When a surgical lung biopsy is performed, the histopathologic pattern seen is termed usual interstitial pneumonia (UIP). A definite UIP histopathologic pattern diagnosis requires all four of the following features:
1. Extensive fibrosis and architectural distortion, characterized by significant myofibroblasts and fibroblasts and dense collagen in the interstitium. This may be with or without honeycombing.
2. Heterogeneous involvement of the lung with areas of diseased lung, mostly in the subpleural/basilar regions, intermixed with areas of normal lung.
4. Lack of features inconsistent with UIP:
The chest imaging or radiologic pattern seen on high-resolution computed tomography (HRCT) scanning in about 50% of patients is also termed UIP. In the other 50% of patients, less well-characterized patterns are seen. When present, a UIP radiographic pattern has a positive predictive value of 90% to 100% for the presence of a UIP histopathologic pattern. Therefore, when this pattern is present, a surgical lung biopsy is rarely if ever needed. A definite HRCT radiologic pattern diagnosis of UIP can be made if all the following characteristics are present:
1. Subpleural/basal predominance
2. Honeycombing with or without traction bronchiectasis
4. Lack of features inconsistent with UIP:
In the clinical context of an idiopathic ILD, the identification of a UIP chest imaging pattern confirms the diagnosis of IPF. In patients with discordant findings in their clinicoradiologic appearances, or if they have atypical features on HRCT, a surgical biopsy is recommended in those who need a definitive diagnosis and are suitable for surgery. Transbronchial biopsies are too small to be diagnostic; therefore when a definitive diagnosis is necessary, a surgical biopsy should be obtained, preferably using video-assisted thoracoscopy, with biopsies from more than one lobe. A UIP histopathologic pattern confirms the diagnosis.
In summary, the new guidelines allow the clinician to establish the diagnosis of IPF based on the following criteria:
1. The clinical context is that of an idiopathic ILD; other potential causes or associations, including infection, drug or environmental exposures, and systemic disorders (e.g., CTDs), have been excluded.
Because the diagnosis of IPF requires combining clinical, radiologic, and often pathologic information, multidisciplinary discussions with chest imagers and pathologists are strongly recommended, especially since a definitive diagnosis cannot be made based on radiologic and histologic findings alone. Figure 47-2 outlines an algorithm for the diagnosis of IPF.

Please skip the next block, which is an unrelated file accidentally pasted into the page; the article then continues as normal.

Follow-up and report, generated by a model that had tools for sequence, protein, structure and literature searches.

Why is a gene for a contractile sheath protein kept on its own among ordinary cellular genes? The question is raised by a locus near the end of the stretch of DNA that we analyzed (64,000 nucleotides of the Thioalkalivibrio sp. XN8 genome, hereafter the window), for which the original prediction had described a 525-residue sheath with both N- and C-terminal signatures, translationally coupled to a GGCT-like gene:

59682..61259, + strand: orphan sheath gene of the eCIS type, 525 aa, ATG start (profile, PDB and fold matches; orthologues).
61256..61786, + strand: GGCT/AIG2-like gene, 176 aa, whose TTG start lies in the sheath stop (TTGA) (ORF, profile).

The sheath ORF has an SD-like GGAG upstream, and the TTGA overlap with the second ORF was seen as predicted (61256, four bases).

Figure 47-2 Algorithm for diagnosis of idiopathic pulmonary fibrosis (IPF). The initial evaluation of a patient with suspected IPF (typically a patient with cough and chronic progressing dyspnea who has radiographic changes consistent with ILD) rules out other causes of interstitial lung disease (ILD). If no other causes are identified, high-resolution computed tomography (HRCT) should be done. If HRCT shows usual interstitial pneumonia (UIP), this is diagnostic. If HRCT is nondiagnostic, surgical biopsy is obtained, followed by multidisciplinary discussion (MDD) to make the diagnosis.
(Modified from Raghu G et al: Am J Respir Crit Care Med 183:788–824, 2011.)
Patients have complications directly and indirectly related to their IPF. Although the natural history of IPF is generally slow symptomatic and physiologic progression, otherwise unexplained rapid deterioration can occur. Acute exacerbations of IPF are defined as the presence of an acute respiratory decompensation of unknown cause and occur in 5% to 10% of patients yearly. Patients tend to present with a viral prodrome and worsening baseline hypoxemia. Invasive mechanical ventilation is often required to maintain oxygenation, but its use is not generally recommended given the poor prognosis associated with acute exacerbations, although it may be appropriate in a minority of patients. Workup should include exclusion of pulmonary embolism, infection, congestive heart failure, volume overload, pneumothorax, and other causes of lung injury. Imaging studies may show new onset of bilateral diffuse ground-glass opacity or dense consolidation. Lung biopsies show a diffuse alveolar damage (DAD) pattern. Although strong evidence is lacking, treatment with high-dose steroids is provided to most patients, in addition to broad-spectrum antibiotics. The prognosis is poor, with mortality rates of up to 70% or more during the following year.